Scarborough workshop looks at past, future of Dunstan Corner
SCARBOROUGH — Bangor-based planner Evan Richert sees plenty of promise in Dunstan Corner.
“This may be a once-in-a-generation type of opportunity,” Richert said Tuesday night as the results of a Pilot Communities study by Sustain Southern Maine were discussed at a Town Hall forum. The results were drawn from an April 9 workshop involving town officials, business and property owners, and residents.
A combination of nearly completed road reconstruction at U.S. Route 1 and Payne, Broadturn and Pine Point roads, and recent zoning changes to encourage mixed-use development, drew attention from Sustain Southern Maine as participants discussed creating sustainable growth and lifestyles.
Tuesday's forum highlighted how an area between Payne and Broadturn roads and bordered by U.S. Route 1 could be transformed into a village center-like setting, with affordable housing and commercial and professional services within walking distance.
Richert emphasized the conceptual sketches for development between Payne and Broadturn roads are just that: conceptual.
“What you are seeing today is not a mini master plan for Dunstan," he said. "We would not be that presumptuous."
Using existing buildings and the new intersection where Payne Road meets Route 1, the study depicts gradual development of multi-story housing, extending up and back from Payne Road and above Phillips Stream.
Frontage along Route 1 is already filled by retail and professional businesses, but planners and residents said other businesses, especially a grocery store, would be needed to fully create an environment that both accommodates traffic and requires less reliance on vehicles.
A village center atmosphere would be a recreation of past eras in Dunstan Corner, another factor that made the area ripe for study, Richert said. Town Council Vice Chairwoman Judy Roy was among those who recalled a cluster of churches, homes and businesses in the area, while neighborhood resident Bob Curtis said more immediate efforts can be made to link subdivisions and amenities.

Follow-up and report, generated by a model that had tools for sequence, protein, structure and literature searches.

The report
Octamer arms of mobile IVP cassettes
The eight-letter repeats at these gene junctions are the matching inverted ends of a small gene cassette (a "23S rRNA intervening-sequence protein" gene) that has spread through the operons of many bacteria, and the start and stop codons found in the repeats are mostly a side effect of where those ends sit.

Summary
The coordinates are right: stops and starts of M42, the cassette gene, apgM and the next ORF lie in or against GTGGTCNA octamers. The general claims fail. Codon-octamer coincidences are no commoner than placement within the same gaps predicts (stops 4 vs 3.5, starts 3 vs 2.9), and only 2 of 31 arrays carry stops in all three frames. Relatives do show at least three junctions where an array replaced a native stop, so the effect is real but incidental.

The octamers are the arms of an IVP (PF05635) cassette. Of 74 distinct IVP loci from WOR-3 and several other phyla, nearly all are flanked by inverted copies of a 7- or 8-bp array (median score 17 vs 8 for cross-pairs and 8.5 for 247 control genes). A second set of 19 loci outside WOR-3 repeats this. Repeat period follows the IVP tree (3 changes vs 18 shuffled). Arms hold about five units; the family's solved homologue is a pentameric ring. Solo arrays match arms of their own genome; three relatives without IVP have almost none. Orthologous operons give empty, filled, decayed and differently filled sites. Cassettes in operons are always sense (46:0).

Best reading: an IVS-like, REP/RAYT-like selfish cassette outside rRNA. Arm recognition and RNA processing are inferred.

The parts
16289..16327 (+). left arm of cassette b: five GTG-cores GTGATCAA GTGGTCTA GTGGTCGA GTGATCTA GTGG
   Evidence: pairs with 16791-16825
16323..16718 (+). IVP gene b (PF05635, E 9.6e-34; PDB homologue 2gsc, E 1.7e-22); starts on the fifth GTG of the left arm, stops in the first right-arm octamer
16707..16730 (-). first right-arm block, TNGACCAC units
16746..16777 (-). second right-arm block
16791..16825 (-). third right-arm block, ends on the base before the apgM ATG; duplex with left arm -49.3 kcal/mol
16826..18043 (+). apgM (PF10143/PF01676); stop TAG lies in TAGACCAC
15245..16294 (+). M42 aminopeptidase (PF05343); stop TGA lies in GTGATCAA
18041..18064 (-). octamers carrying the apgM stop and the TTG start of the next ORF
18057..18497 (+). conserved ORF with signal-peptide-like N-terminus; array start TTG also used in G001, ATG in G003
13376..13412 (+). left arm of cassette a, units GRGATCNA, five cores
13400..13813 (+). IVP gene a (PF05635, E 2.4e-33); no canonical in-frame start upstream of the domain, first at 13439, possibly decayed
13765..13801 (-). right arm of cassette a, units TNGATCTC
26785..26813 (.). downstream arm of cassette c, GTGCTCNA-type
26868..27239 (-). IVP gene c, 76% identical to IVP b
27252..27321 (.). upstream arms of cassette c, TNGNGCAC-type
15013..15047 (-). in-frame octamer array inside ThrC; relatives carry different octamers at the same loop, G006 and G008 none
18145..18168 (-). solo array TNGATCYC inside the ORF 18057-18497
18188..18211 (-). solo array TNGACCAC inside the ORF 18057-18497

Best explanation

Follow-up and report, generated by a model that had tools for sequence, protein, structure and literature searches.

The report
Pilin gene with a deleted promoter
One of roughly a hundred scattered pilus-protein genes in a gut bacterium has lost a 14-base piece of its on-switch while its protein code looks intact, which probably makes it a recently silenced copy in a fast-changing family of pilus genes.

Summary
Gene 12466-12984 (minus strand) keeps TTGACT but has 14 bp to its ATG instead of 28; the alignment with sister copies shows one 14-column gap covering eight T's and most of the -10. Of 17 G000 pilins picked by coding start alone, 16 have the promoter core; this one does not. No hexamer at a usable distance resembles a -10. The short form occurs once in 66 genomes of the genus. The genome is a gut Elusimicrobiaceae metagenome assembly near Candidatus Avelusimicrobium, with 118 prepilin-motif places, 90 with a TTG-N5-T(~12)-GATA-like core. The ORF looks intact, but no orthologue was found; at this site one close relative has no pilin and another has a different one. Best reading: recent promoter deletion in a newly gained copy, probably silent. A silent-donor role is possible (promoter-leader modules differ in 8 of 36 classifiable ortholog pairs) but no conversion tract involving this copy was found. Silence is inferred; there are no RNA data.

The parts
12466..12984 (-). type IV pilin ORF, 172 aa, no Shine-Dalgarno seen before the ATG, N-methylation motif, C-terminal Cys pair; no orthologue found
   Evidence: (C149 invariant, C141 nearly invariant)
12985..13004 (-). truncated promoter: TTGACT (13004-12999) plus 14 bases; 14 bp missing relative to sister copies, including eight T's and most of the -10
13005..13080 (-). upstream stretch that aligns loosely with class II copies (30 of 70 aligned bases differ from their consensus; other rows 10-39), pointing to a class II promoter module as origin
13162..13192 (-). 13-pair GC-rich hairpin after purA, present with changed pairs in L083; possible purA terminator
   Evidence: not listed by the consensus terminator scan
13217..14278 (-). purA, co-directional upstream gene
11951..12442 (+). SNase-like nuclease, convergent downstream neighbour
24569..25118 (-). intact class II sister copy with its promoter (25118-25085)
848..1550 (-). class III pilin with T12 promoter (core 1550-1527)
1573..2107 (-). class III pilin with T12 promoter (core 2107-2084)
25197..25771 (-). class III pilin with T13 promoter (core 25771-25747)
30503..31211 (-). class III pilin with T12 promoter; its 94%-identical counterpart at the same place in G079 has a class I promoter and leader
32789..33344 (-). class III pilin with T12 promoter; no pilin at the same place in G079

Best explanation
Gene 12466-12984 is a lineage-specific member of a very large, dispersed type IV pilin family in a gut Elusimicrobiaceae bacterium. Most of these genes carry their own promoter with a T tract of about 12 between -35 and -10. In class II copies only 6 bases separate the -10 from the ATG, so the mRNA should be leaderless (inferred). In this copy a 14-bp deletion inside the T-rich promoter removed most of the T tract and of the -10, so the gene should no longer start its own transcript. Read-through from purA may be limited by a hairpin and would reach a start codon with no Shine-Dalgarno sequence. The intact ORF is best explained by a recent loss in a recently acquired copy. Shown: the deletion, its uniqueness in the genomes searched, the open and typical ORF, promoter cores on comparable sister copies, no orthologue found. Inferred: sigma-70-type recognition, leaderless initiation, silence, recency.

Curtis suggested an abandoned road could be converted to a pedestrian boardwalk to eliminate the need to drive to the Scarborough Marsh preserve, and said an area coffee shop would help residents get to know each other.
"I meet people at the grocery store, and I have to drive there," he said.
Richert asked participants to list what would promote or inhibit the conceptual plans. While Town Manager Tom Hall noted the municipal work of construction and zoning revisions are about done, Planning Board member Cory Fellows said he hears an inherent conflict from people as they discuss what they might like to see because of worries about traffic and the area quality of life.
“I kind of feel there is a split personality on this,” Fellows said.
Town Planner Dan Bacon said it's possible that no individual developer would want to go first with a project, in part because people outside Scarborough might feel Oak Hill is the only viable area for a project.
Funded by the federal Department of Housing and Urban Development, Department of Transportation and Environmental Protection Agency, the $1.6 million Pilot Communities project is overseen by the Greater Portland Council of Governments.
A similar study was conducted in South Portland with concepts discussed May 9. Areas of Gray, Kennebunk, Kittery, Portland, Standish, Wells, Westbrook and Windham were also studied.
Consultant Carol Morris said study parameters also required some work has already been done in an area, and growth potential must be evident.
“We're not going to a place where nobody wants growth,” she said.
U.S. Census data in the study shows the area from the Saco city line to Haigis Parkway contains 4,500 people, about 20 percent of Scarborough's population.
Traffic studies show almost 31,000 vehicles can pass through the area daily, and Scott Hastings, who works with Morris, said the plans call for channeling traffic away from bigger roads, while increasing population density to attract more public transportation.
"We are trying to hit the sweet spot," he said.